Financial consequences

Based on a "polluter pays" principle, the producer responsibility for packaging must help ensure that economic incentives are created to take greater responsibility for the environmental consequences that our consumption and management of packaging waste cause today.

The total cost for this is estimated at around 2.35 billion DKK, which will be shifted from citizens' waste fees for the collection and management of household waste to having to be financed by the producers themselves when producer responsibility comes into force in 2025.

Producers will not have to cover costs for non-packaging waste and therefore there will still be a citizen-paid fee for the collection and handling of household waste that does not constitute packaging (non-packaging waste).

This is probably what it will cost

Packaging reduction and ecodesign must pay off for companies, and it will therefore be a requirement that Producer Responsibility Organisations (PRO) modulate the costs that you have to pay for in an environmental way. This means that if you design packaging which can be reused or recycled, you will pay less for waste management than if you market packaging that can only be incinerated. The criteria for when to pay more or less will be determined by the state, and are expected to be known in the second quarter of 2024.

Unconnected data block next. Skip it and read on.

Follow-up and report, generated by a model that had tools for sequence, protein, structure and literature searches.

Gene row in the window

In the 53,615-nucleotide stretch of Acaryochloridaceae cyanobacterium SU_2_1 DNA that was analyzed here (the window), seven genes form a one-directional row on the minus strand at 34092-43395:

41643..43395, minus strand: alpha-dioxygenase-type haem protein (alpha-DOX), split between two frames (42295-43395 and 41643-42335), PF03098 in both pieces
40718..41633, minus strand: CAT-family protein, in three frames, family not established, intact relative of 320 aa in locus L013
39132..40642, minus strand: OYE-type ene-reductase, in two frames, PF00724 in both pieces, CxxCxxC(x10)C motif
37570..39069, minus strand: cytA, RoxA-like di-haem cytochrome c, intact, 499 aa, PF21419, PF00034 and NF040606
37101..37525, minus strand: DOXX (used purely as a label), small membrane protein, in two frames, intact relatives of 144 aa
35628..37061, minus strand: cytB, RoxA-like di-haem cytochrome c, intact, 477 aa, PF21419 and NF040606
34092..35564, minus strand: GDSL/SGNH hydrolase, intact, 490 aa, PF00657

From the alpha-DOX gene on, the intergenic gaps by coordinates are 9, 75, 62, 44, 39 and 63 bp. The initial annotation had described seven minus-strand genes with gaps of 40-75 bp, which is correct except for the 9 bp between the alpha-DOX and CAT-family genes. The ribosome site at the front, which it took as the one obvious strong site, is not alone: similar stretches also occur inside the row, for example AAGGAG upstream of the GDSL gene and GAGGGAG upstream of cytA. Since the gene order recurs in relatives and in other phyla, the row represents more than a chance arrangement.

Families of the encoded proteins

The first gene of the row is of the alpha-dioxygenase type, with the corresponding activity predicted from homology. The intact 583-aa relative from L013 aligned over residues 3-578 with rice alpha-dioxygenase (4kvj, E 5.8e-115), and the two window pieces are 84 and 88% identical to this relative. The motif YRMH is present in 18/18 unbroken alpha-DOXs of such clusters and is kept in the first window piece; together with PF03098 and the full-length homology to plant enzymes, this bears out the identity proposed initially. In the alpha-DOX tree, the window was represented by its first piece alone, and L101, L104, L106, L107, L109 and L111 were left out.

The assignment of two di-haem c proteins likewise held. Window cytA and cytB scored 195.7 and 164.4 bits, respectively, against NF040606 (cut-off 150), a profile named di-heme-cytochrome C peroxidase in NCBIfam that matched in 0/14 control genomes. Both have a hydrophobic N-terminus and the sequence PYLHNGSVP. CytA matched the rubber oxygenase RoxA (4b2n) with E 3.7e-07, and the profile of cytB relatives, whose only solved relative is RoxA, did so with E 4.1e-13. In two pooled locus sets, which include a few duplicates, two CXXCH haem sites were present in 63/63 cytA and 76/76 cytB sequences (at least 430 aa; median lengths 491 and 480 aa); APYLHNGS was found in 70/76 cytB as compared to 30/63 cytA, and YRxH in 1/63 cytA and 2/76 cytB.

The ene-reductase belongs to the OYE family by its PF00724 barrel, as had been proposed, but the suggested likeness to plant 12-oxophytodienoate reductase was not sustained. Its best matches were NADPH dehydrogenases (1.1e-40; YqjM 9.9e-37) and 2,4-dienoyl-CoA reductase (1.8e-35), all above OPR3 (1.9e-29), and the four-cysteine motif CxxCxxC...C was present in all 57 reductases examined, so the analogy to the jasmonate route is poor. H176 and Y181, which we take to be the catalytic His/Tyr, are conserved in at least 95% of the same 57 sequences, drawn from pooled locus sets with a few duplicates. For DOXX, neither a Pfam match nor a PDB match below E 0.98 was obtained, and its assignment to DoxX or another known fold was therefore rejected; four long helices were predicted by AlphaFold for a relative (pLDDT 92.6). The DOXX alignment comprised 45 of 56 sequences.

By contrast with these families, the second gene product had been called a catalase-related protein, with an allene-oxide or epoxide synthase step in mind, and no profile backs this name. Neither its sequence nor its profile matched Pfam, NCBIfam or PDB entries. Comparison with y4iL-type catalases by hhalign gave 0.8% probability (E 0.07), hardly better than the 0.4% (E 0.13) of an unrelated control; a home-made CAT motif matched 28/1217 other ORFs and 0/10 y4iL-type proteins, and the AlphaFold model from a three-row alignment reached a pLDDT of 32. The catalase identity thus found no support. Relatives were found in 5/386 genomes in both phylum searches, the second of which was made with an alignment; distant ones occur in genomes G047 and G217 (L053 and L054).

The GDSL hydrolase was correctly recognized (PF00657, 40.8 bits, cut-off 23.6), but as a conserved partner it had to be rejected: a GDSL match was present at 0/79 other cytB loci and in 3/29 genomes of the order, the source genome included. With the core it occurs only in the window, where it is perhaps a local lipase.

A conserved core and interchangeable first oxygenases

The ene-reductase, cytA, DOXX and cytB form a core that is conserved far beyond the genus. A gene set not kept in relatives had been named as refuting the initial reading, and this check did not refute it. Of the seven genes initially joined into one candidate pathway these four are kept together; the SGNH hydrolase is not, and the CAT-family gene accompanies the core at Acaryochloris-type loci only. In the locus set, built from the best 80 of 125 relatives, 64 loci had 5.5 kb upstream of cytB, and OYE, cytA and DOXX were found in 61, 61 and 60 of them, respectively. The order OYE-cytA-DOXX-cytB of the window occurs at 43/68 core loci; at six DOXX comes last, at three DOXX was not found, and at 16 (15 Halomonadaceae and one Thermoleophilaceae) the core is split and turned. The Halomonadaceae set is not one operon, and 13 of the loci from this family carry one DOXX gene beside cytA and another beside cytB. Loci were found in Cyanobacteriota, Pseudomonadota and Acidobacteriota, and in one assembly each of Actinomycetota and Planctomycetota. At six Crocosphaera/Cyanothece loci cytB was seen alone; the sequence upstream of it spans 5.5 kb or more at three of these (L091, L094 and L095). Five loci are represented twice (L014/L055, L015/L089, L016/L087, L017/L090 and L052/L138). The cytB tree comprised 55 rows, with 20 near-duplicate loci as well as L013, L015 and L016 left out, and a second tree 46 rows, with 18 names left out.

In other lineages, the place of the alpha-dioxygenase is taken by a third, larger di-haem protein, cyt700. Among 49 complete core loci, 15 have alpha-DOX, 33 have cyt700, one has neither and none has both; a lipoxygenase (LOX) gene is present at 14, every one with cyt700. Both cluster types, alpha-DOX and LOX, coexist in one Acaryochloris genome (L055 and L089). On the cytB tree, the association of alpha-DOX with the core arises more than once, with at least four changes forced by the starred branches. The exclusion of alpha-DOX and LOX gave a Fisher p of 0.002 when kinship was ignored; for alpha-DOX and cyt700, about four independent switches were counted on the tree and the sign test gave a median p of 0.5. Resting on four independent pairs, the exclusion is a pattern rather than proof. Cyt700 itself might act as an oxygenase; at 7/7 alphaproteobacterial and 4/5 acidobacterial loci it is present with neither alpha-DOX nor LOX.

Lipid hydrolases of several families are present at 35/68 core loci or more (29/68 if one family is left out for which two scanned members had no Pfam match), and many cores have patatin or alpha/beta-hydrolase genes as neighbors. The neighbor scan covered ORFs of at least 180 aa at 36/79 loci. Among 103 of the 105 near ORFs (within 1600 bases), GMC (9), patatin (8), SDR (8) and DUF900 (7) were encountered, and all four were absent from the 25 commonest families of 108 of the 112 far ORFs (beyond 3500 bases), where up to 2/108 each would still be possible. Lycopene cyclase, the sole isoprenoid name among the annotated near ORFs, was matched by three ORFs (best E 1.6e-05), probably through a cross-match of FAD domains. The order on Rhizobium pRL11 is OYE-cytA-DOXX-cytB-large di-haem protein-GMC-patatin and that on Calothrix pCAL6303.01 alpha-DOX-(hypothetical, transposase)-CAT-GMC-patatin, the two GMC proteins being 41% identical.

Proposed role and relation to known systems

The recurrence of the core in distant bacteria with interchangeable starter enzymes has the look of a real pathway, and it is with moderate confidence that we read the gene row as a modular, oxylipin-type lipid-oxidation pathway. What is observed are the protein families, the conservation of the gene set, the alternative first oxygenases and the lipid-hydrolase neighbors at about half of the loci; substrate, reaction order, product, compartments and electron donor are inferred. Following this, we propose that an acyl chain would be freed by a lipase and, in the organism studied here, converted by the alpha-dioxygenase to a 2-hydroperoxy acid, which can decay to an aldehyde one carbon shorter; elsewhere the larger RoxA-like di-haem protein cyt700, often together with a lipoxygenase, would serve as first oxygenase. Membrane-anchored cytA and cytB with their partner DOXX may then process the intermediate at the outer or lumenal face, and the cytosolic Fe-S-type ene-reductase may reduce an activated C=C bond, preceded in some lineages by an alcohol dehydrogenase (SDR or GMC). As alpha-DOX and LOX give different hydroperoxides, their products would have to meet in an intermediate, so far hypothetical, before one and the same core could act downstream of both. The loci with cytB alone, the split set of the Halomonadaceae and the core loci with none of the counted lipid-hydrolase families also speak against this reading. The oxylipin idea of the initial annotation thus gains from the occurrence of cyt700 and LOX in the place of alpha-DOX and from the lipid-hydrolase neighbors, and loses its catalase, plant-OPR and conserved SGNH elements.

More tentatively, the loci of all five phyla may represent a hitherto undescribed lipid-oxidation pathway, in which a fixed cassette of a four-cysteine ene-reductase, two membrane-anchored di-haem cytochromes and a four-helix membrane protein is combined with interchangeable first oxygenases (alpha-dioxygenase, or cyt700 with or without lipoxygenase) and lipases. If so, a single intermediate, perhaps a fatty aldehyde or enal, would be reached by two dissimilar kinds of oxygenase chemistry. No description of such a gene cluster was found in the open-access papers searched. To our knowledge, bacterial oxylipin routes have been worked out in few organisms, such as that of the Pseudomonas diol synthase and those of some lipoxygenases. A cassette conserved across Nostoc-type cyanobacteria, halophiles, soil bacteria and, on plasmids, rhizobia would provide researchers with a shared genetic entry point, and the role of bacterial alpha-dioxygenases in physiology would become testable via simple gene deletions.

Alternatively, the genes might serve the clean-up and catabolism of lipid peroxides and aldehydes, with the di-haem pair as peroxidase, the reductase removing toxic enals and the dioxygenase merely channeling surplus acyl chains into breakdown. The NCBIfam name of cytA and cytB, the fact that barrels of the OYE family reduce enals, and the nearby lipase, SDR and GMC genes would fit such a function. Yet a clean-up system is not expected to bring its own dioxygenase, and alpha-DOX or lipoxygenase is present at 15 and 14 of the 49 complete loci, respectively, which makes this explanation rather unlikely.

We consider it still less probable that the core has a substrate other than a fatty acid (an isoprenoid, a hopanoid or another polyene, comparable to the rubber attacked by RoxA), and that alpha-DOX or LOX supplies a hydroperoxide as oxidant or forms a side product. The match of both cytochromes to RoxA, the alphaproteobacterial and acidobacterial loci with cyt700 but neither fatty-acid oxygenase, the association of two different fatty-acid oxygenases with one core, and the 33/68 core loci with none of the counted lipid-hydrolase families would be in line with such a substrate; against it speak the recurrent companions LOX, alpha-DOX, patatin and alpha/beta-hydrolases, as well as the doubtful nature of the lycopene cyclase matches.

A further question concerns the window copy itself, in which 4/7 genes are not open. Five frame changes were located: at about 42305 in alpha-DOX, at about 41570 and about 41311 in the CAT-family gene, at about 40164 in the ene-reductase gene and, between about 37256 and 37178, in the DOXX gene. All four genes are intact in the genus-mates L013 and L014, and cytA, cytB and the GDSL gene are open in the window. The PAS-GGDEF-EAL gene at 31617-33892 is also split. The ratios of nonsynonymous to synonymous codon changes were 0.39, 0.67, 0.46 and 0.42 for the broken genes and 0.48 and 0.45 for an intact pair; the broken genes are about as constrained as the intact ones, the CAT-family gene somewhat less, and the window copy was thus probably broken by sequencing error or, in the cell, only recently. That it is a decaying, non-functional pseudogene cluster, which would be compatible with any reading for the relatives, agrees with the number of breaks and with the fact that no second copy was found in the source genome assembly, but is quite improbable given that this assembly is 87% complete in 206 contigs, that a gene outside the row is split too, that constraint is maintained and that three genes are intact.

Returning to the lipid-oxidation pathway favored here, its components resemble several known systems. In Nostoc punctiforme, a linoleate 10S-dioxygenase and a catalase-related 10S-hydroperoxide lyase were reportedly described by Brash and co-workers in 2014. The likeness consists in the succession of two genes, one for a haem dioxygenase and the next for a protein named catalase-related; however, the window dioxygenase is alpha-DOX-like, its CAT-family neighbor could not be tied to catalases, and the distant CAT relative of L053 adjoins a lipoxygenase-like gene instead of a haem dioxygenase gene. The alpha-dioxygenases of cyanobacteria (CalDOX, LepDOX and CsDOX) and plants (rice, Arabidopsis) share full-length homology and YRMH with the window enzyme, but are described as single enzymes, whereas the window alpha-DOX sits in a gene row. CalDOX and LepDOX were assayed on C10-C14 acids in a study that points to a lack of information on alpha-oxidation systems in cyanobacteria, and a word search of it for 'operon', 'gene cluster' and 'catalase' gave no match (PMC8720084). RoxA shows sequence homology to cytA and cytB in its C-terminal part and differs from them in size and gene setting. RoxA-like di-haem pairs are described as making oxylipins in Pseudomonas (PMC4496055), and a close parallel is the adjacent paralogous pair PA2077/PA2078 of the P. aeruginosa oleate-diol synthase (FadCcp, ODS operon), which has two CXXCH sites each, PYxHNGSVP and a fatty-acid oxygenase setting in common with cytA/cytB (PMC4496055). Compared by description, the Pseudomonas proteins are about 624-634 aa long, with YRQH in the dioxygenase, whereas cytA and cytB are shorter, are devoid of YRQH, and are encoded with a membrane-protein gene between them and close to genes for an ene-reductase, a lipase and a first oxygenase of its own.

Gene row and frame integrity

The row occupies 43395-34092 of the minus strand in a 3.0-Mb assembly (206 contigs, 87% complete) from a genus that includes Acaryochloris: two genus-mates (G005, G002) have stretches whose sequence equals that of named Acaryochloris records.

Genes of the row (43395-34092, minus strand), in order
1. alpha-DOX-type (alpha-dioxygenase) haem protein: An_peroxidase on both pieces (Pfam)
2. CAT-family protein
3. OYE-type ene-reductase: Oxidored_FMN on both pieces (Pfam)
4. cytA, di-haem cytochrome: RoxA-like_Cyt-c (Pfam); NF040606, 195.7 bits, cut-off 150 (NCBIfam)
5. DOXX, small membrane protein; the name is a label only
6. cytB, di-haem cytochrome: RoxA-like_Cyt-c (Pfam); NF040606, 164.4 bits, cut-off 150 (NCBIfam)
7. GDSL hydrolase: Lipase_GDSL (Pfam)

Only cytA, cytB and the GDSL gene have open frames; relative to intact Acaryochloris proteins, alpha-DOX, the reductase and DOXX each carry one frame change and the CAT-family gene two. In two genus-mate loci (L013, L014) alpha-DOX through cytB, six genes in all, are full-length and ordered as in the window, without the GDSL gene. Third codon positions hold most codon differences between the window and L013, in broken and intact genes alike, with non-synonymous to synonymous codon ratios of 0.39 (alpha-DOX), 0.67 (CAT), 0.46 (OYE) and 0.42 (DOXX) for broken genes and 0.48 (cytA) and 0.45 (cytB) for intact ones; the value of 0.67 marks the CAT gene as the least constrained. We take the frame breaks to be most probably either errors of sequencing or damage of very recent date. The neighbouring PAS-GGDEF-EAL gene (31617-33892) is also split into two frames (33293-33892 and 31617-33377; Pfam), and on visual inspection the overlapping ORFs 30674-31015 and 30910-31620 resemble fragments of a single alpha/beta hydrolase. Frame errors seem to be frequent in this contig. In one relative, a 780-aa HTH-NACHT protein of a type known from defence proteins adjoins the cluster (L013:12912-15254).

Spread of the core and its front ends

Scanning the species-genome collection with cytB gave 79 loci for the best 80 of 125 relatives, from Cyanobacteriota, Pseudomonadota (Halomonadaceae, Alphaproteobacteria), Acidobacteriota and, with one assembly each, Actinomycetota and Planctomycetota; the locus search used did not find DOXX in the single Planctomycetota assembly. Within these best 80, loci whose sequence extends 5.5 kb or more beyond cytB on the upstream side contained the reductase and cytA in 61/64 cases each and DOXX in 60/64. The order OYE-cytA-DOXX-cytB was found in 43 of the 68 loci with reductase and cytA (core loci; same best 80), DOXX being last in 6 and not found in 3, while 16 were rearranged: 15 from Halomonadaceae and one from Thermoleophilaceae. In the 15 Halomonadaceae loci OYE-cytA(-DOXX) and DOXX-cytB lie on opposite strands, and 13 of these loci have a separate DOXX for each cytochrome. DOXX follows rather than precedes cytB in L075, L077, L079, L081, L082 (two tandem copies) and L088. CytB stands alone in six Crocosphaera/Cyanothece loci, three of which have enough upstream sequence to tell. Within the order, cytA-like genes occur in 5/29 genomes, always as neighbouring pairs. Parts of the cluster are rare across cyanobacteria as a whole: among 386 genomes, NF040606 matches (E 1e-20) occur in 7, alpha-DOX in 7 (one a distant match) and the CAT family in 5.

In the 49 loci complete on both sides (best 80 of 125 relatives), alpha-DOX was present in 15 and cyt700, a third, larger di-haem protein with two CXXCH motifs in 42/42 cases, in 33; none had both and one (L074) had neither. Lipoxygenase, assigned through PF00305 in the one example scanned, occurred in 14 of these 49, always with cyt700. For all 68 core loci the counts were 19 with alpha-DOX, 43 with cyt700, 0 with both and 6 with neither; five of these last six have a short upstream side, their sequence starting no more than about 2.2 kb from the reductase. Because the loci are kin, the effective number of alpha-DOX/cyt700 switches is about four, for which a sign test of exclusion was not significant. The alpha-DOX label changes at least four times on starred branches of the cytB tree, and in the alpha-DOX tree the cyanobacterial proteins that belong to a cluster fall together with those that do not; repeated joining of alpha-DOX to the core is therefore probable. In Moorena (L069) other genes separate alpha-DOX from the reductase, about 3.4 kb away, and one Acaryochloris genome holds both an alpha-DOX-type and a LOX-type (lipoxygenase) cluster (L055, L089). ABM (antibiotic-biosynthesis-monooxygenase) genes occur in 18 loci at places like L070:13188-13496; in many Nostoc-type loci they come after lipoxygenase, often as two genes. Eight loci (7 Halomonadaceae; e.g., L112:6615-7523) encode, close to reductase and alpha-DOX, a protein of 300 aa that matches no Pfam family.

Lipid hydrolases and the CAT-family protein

See the timeline for the implementation of the producer responsibility here. 

The total bill will probably consist of the following three parts:

  • a price per kilogram of packaging based on the principle of full cost recovery;
  • an environmentally graduated contribution, i.e. environmental redistribution, which should encourage incentives to increase the level of reuse and recycling.
  • an administration fee.

Environmental modulation shall ensure cost neutrality for each material category so that, overall, companies in a material category do not pay more or less than the actual costs of waste treatment.

It is expected that the environmental modulation will be based on a so-called bonus/malus model, where companies that market packaging that cannot be recycled or reused will be charged a malus (which is determined by the state), e.g. a fixed percentage of the actual costs on top. This additional revenue must then be redistributed to the companies designing for recycling.

The "polluter pays" principle

In a producer responsibility system, companies are given responsibility for collecting and recycling the products they market - in this case all packaging - on the basis of a "polluter pays principle".

The "polluter pays" principle is enshrined in the EU Maastricht Treaty and is an economic principle that companies are responsible for their own pollution.

This means that with the introduction of the producer responsibility for packaging in 2025, the companies covered will bear the full cost of collecting, sorting, processing and recycling their packaging.

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